European banks could reduce their Basel III equity capital
requirements by up to 20%, or around €40bn ($55bn),
through efficient collateral optimisation, according to a
Clearstream-sponsored Elton-Pickford study.
Collateral Optimisation, The value chain of collateral:
liquidity, cost and capital perspectives finds
that collateral optimisation is best achieved through
a "collateral value chain", which makes it possible to select
securities, to ensure their availability and mobility as well
as the robustness of the liquidation process.
"The Elton-Pickford study confirms the already widely
discussed savings potential through optimal collateral
management; but the concept of building a 'collateral value
chain’ is new," said Stefan Lepp, executive board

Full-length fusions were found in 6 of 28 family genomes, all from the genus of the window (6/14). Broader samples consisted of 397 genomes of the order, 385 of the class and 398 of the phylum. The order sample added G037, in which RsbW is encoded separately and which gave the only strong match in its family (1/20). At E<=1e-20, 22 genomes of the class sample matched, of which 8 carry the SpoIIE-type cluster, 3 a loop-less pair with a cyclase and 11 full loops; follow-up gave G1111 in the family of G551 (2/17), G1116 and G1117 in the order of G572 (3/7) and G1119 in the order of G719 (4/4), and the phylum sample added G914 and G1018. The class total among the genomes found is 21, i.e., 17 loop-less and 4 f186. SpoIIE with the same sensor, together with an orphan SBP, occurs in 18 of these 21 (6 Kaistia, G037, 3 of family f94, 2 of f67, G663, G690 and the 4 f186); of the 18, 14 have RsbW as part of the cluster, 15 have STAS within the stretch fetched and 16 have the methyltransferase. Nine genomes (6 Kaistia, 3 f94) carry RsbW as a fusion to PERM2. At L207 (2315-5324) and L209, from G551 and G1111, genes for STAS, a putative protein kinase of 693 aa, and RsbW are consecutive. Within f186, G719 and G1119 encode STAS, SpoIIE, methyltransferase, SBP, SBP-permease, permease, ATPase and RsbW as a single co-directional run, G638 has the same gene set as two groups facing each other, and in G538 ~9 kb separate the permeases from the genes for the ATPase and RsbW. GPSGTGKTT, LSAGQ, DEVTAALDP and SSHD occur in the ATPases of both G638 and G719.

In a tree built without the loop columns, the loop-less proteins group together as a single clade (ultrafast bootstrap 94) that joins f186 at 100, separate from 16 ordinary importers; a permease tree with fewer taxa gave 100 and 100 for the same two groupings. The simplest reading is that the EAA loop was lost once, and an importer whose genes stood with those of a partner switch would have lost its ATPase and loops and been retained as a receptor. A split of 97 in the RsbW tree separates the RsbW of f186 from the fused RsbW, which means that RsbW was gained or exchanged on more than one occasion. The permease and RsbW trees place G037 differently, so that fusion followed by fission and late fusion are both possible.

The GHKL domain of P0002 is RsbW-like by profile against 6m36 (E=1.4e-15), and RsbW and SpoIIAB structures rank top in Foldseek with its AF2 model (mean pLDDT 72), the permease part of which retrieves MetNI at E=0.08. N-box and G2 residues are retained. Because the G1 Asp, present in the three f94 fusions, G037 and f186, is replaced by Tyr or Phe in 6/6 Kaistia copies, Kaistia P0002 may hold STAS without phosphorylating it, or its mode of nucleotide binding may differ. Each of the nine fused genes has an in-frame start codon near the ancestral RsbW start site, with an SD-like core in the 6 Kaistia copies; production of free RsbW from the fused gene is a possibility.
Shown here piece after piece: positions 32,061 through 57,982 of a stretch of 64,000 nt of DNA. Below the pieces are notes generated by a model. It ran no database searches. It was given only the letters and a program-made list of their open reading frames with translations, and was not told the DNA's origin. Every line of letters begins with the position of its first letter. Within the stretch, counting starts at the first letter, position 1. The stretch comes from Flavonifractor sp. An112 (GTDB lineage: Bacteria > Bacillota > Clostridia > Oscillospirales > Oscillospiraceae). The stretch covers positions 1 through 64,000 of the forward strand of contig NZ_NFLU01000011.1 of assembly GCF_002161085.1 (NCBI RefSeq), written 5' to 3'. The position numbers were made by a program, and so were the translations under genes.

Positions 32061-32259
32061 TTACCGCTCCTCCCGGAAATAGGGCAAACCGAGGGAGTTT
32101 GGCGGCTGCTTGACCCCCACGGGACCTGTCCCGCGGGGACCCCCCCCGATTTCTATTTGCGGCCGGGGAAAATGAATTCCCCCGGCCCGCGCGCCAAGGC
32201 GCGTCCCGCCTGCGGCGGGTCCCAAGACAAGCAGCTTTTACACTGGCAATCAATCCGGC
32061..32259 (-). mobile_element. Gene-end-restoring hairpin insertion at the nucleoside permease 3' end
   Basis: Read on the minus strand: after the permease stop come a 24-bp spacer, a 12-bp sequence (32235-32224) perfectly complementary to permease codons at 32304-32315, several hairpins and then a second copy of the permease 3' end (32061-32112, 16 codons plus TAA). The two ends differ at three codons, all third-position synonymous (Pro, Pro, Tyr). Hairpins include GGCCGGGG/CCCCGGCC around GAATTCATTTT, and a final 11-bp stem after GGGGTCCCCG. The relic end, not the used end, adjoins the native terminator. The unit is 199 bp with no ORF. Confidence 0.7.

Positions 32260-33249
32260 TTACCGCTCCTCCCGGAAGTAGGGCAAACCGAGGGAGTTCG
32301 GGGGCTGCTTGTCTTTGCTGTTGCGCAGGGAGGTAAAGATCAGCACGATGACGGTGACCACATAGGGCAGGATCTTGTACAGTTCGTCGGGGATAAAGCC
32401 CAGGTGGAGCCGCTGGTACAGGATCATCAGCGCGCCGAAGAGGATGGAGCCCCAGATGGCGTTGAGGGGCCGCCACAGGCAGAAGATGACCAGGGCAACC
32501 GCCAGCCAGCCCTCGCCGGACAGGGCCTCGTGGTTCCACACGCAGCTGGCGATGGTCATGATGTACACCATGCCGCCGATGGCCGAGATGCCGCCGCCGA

member at Clearstream.
Banks are still deciding how to meet required levels of
equity under Dodd-Frank and Basel III to strengthen their
solvency in case of crisis. The study describes the flows in
collateral liquidity as "truly chaotic", reflecting strategic
choices still being considered by internal experts.
It attributed this disorder to several factors including
regulation acting as a development driver, repricing of credit
risk, impact of monetary policies such as quantitative easing,
and quasi-deflation or "low-flation".
The survey, which consisted of a qualitative and
quantitative analysis of interviews iwth
22 institutions including banks in Q1 2014, recommended
optimisation as a source of savings, potential profitability
and a primary lever that could be used to meet ever increasing
capital equity and liquidity needs.
"Whatever the business model, optimisation of collateral
management should take a structured approach and implement a
collateral value chain, aimed at fulfilling the following three
objectives: prudential liquidity management, regulatory
compliance and profitability," the study said.
"A centralised view of collateral, associated with local
liquidation rules seems to be the best management model to face
this new fragmented environment."